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Global Police Break International Crime Network Global Police Break International Crime Network 

Global Police break International crime network

Global law enforcement agencies have busted an international crime network by monitoring encrypted phones used by criminals. The operations have led to hundreds of arrests and drug and weapon seizures across 16 nations.

By Stefan J. Bos

Officials from Europe's police organization Europol as well as the U.S. Federal Bureau of Investigation (FBI), Sweden, and the Netherlands confirmed one of the most extensive global crime-fighting operations in recent memory.

It included even providing phones to criminals who were made to believe that they offered secure communications.

In reality, the devices allowed police to listen in on the criminal's conversations. Officials said they were tracking some 12,000 devices over three years, and a whopping 27 million messages were decoded.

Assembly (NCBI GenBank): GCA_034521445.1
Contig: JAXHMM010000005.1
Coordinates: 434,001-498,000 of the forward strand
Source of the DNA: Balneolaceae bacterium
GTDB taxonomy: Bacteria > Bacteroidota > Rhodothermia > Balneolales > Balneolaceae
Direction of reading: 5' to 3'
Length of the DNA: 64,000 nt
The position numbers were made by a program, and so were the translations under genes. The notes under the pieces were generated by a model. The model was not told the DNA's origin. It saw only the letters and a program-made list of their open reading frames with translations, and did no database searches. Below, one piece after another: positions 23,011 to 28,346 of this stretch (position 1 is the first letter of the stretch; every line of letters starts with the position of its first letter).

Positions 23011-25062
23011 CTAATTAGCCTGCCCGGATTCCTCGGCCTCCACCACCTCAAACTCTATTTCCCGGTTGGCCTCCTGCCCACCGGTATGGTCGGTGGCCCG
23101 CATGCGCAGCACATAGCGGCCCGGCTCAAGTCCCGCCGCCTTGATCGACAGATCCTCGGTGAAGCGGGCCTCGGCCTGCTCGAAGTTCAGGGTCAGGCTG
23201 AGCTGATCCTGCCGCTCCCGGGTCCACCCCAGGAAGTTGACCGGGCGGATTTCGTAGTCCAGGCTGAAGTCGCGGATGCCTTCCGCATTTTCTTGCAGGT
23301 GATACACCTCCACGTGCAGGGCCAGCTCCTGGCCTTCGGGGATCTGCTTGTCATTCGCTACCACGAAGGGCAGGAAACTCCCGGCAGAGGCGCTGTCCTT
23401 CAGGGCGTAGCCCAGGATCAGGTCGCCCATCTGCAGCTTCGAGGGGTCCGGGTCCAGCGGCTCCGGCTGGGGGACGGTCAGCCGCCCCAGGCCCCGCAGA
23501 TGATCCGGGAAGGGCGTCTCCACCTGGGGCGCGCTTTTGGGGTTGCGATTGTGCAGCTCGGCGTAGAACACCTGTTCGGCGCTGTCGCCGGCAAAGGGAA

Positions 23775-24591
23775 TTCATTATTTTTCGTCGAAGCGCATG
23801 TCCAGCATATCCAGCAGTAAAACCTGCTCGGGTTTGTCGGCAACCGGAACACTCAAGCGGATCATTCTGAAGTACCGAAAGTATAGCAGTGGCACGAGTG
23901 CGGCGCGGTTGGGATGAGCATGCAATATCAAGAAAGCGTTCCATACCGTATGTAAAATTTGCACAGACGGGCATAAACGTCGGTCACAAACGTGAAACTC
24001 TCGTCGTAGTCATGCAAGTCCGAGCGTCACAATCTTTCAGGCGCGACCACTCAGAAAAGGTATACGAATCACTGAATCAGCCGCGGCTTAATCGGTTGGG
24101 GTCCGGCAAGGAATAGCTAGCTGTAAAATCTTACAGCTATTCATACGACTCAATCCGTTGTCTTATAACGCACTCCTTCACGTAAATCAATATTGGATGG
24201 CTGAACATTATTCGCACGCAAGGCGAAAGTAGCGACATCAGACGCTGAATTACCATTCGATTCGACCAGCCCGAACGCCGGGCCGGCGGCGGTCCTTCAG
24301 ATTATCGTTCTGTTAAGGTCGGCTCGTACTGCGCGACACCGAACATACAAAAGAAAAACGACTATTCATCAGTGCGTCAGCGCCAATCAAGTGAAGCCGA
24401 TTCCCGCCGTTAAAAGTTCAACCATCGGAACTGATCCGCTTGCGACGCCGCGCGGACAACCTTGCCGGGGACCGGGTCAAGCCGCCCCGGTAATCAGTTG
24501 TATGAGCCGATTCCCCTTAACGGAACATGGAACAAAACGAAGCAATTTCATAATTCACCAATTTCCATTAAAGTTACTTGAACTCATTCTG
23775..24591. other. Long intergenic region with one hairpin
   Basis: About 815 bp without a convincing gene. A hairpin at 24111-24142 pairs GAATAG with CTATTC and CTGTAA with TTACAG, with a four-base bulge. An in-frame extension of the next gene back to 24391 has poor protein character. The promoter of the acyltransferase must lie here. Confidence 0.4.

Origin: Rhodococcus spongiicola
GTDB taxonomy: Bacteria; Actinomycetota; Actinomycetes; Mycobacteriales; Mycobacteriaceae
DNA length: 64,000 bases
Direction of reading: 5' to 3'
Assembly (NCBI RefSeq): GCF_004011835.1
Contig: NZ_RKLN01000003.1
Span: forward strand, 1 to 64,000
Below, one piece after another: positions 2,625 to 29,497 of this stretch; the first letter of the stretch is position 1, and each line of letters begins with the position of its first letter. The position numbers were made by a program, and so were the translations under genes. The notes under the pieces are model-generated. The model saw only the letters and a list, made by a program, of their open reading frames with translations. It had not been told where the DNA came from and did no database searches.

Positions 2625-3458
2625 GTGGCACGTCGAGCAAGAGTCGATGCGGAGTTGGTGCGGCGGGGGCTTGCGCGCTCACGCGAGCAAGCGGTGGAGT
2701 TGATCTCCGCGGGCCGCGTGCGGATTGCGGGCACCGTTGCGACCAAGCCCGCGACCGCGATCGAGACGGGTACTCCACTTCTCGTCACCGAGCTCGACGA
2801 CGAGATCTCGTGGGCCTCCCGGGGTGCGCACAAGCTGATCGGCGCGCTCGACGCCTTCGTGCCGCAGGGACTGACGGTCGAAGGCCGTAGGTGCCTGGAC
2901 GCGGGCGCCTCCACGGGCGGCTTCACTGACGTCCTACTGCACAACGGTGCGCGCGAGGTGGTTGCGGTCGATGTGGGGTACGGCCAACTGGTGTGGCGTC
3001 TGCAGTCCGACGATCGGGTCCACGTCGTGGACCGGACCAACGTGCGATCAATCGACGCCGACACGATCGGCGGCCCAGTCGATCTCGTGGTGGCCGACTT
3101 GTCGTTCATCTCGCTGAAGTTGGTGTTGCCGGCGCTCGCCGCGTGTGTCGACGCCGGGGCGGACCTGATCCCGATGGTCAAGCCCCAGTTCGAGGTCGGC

Some 300 crime networks were reportedly monitored across 100 nations. Europol Deputy Executive Director Jean-Phillipe Lecouffe said that gave police investigators crucial information. "This information led over the last week to hundreds of law enforcement operations on a global scale. From New Zealand and Australia to Europe and the USA," he told reporters.

Lecouffe added that the operations had "impresside results," with more than 800 arrests and more than 700 locations searched. Police seized more than 8 tons of cocaine, 22 tons of cannabis, two tons of synthetic drugs, and 6 tons of synthetic drugs' precursors, Europol said.

48 MILLION DOLLARS


In addition, police confiscated 48 million dollars in cash and cryptocurrencies, 250 firearms, and 55 luxury vehicles.

The officials did not break down all arrests in each country.

Still, a Swedish official said 70 had been detained in Sweden, while a Dutch official said 49 were arrested in the Netherlands.

Countries involved included Australia, Austria, Sweden, Denmark, Estonia, Lithuania, Norway, New Zealand, Scotland, Britain, Germany, and the United States.

It came as a welcome breakthrough for law enforcement agencies that have faced increasingly sophisticated crime groups worldwide. 

08 June 2021, 16:46